Right to early childhood development and quality education
South Africa can boast near-universal access to primary education and gender parity at this level – milestones that have put the country on track to achieve two of the eight Millennium Development Goals by 2015.
The introduction of ‘social wage’ programmes, including the no-fee school policy and the Child Support Grant, have greatly expanded access to basic education for poor children.
Access to early childhood development (ECD) has also improved over the past decade, and enrolment in grade R (the reception year that prepares children for primary education) increased from 15 per cent in 1999 to 77 per cent in 2010. Increased investment in ECD services is needed to ensure that all young children, especially those between birth and three years of age, are given adequate care and stimulation so they can grow healthily, do well at school and become productive adults.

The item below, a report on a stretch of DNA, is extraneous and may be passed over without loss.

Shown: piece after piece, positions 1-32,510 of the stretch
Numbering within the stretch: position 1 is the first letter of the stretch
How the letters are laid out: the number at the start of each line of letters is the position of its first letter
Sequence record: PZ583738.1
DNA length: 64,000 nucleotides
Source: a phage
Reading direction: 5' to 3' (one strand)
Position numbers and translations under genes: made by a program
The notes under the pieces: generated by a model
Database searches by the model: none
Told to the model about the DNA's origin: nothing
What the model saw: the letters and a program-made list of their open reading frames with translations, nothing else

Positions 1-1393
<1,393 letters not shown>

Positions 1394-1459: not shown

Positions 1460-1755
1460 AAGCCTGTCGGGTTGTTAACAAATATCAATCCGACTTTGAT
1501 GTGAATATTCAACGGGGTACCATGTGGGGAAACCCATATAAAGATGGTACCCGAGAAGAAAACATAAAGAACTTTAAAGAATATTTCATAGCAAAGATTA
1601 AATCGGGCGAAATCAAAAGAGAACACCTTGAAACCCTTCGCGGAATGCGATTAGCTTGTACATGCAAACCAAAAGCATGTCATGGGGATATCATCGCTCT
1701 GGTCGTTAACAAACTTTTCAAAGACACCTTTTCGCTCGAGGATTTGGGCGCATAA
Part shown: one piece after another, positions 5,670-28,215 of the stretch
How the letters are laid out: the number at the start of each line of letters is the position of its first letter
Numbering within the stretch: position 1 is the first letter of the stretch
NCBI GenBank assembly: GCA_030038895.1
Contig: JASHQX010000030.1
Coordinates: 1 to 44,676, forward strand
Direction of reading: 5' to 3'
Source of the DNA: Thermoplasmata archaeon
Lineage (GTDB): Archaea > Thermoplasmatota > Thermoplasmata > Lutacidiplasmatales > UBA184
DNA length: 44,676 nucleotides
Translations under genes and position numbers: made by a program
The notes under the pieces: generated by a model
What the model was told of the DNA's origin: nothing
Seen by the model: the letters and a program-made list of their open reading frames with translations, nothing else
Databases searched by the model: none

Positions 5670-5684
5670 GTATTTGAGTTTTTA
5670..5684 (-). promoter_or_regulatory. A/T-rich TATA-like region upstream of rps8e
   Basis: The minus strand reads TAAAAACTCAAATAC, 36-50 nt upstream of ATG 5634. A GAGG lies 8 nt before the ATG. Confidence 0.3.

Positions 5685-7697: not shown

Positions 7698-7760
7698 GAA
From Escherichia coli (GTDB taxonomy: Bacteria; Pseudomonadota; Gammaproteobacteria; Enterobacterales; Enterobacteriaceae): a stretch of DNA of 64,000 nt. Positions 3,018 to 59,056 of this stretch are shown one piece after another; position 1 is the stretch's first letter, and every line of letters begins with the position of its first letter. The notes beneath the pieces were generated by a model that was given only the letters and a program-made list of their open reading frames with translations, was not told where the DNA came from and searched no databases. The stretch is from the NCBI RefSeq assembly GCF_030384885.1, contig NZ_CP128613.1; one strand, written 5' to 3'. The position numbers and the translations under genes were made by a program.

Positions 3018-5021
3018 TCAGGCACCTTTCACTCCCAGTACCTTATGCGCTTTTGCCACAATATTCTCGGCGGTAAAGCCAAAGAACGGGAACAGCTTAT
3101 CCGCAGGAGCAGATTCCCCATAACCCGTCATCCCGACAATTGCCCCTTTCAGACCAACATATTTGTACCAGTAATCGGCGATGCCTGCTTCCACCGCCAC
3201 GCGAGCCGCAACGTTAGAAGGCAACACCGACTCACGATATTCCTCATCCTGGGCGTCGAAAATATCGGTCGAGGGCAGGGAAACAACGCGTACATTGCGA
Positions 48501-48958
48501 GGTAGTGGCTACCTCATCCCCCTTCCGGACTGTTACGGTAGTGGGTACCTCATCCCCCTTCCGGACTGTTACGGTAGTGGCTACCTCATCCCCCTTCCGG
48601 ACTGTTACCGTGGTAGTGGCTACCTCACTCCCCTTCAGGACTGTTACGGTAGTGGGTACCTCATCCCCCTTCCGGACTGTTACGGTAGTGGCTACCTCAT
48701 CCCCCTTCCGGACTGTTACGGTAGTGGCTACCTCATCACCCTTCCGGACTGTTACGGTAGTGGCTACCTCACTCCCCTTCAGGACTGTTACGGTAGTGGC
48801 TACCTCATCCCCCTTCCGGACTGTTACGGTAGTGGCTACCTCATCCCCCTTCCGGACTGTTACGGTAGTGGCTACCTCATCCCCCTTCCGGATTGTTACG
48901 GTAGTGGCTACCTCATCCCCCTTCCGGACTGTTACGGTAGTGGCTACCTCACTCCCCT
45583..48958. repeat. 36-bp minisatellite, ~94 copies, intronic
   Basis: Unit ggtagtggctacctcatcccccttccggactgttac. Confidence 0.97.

Improved quality of basic education is among the 12 outcomes that the government has set to achieve by 2014. However, learners’ achievements in national and international assessments are generally poor. Repetition rates are also high – especially in grades 10 and 11 – and children from the poorest households are more likely to repeat the same grade. The poorest children also have lower achievement levels in schools.